Airlines — A (former) Forerunner When it Comes to Standards and Digital Transformation
The first companies that come into your mind when you think about innovations and digital disruptions are Apple, Facebook, or some fresh Silicon Valley startups. However, there was a time when airlines were part of the innovative global think tank!
More precisely, it was the airline industry that accomplished one of the biggest digitalization projects even long before the whole world started talking about the digital revolution.
Don’t believe me? Well, do you remember the time of paper-based tickets? Depending on your age, you probably don’t.
Airlines accomplished one of the world’s biggest digitalisation projects long before the world started talking about the digital revolution.
The elimination of paper-based tickets has been one of the most significant initiatives the International Air Transport Association (IATA) ever executed. Already in the early 2000s, a global program was initiated to get rid of paper in the reservation process. Besides sustainability, the initiative aimed to drive efficiency and reduce process costs.
And more importantly, the initiative was based on a global “e-Ticket standard.” That standard ensures airlines, travel agencies, and all other stakeholders can seamlessly communicate and exchange ticket information.
The Results of the e-Ticket Initiative
In 2007, IATA announced that 97% of all tickets are now issued electronically. A huge success that helped to save 50,000 trees annually since then. Today, almost 100% of airlines worldwide rely on e-Tickets, making e-Tickets a worldwide standard. I would even go that far and say that it is impossible to run an airline without e-Tickets.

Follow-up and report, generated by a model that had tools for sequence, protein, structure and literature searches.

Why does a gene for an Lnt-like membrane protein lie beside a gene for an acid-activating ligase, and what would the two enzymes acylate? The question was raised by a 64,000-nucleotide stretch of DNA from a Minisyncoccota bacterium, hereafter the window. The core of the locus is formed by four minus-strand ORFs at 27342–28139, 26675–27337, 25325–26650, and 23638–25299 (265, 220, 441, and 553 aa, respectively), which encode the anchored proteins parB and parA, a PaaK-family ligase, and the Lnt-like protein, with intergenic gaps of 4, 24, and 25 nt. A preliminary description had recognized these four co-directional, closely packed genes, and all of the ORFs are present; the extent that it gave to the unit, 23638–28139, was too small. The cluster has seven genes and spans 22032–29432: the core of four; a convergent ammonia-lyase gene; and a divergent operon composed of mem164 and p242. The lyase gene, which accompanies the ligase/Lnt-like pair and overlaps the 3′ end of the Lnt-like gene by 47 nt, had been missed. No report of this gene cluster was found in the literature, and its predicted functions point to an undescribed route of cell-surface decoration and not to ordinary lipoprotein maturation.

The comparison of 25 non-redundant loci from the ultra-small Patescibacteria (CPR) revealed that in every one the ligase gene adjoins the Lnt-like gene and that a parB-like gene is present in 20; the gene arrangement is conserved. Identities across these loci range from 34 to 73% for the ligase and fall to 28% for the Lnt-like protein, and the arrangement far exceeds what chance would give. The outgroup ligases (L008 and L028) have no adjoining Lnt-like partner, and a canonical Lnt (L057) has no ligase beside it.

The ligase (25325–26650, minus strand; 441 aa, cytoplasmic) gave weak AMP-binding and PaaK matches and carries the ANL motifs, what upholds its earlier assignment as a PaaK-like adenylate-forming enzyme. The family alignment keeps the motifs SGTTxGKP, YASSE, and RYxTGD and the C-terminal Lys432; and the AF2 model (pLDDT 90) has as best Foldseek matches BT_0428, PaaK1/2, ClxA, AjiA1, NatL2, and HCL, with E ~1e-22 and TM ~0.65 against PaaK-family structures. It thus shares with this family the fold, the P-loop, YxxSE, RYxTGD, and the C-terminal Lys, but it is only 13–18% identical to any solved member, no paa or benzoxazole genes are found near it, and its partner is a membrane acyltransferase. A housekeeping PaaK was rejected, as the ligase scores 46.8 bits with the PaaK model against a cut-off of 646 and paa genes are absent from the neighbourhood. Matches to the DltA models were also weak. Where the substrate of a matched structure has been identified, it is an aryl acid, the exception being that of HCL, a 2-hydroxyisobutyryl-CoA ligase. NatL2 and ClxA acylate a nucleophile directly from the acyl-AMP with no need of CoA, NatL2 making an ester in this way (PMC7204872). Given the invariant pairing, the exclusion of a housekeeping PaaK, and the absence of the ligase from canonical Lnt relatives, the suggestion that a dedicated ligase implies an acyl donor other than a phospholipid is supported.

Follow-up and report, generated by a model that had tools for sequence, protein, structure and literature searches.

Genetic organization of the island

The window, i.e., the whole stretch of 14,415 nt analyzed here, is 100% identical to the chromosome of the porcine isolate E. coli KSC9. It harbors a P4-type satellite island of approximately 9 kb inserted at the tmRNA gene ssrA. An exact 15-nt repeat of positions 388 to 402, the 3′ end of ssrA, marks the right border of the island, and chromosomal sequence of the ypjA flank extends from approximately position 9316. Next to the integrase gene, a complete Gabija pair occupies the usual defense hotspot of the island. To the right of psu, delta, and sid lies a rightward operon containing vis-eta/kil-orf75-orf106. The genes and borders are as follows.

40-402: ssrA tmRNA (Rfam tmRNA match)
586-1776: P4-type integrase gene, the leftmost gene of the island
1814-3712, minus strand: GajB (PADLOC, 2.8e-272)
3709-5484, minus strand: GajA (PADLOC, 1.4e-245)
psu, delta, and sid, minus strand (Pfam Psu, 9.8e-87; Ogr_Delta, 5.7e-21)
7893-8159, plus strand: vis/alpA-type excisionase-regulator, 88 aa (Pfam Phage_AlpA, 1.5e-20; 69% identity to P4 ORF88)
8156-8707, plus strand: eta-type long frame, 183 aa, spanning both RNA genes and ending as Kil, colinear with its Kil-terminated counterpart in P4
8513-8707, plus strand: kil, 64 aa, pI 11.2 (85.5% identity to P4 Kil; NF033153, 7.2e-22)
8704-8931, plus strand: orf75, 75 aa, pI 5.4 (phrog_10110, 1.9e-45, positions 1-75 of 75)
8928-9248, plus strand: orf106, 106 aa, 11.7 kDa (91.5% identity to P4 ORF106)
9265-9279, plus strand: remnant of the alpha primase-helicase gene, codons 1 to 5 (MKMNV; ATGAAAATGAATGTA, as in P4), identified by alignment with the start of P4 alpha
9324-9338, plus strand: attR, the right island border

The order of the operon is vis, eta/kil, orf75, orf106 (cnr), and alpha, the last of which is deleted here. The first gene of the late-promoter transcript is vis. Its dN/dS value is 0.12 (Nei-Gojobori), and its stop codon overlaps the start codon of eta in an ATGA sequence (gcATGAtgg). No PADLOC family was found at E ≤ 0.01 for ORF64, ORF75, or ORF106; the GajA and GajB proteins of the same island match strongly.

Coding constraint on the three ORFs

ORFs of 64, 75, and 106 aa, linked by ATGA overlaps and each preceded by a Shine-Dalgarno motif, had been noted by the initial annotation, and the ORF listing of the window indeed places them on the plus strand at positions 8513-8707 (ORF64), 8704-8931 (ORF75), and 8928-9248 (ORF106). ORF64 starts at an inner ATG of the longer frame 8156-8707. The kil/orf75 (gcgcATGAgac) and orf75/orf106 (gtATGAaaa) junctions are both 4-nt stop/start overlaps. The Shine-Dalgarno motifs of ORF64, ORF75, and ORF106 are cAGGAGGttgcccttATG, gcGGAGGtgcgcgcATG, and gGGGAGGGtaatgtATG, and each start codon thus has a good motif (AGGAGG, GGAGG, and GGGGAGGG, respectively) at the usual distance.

Corona is Driving the Need for Further Digitalization.
The ongoing pandemic has painfully shown that airlines urgently need to digitize their processes further. The reasons are pretty much the same as for e-Tickets in the early 2000s: Cost reduction, efficiency improvement, and process optimization.
However, we must distinguish two types of digitalization initiatives. On the one hand side, there are specific digital projects. These are the projects every airline is doing on its own — especially to achieve competitive advantages. On the other side, there are areas where airlines have to cooperate to achieve the most significant benefits.
e-Fueling: A Future Standard Airlines Have to Evaluate now!
One of the latter is about Electronic Fueling (e-Fueling). Electronic Fueling is an initiative that is comparable to e-Tickets. With Electronic Fueling, airlines aim to digitize the operational fueling process. First and foremost, this contains the entire communication between airlines and fuel providers or into-plane agents.
Moreover, and again similar to e-Tickets, the initiative aims to ban papers from the process — namely, fuel slips, receipts, fuel orders, etc.
The envisioned results are similar to e-Tickets: More efficient processes, cost savings, and sustainability effects.
Electronic Fueling is Poised to Become an Industry Standard for all Airlines
Due to the immense number of stakeholders (fuel providers, into-plane agents, etc.) that differ from airport to airport, Electronic Fueling (e-Fueling) definitely is one of the industry-wide initiatives where all airlines have to cooperate.
Thankfully, the International Air Transport Association has set necessary standards and passed the AIDX message standard. This message standard serves as the fundament for all fueling-related communication and builds a significant cornerstone of the e-Fueling initiative.
Due to the immense advantages, an increasing number of airlines and fuel providers are currently adapting the e-Fueling standard and digitize their fueling process.
e-Fueling: Airline Standard in 2025?
Although IATA hasn’t announced a deadline when all airlines should have switched to an electronic fueling process, Corona has accelerated the initiative massively. Since we witness many airlines switching to the electronic process at the moment, we assume e-Fueling to become standard latest in 2025.
Standard in this context means that manual Fueling will still be possible but the exception. Subsequently, airlines that still rely on manual processes will have to pay higher fees.
And I would go even one step further: In 10 years from now, a paper-based and manual fueling process will look as awkward as paper tickets look today!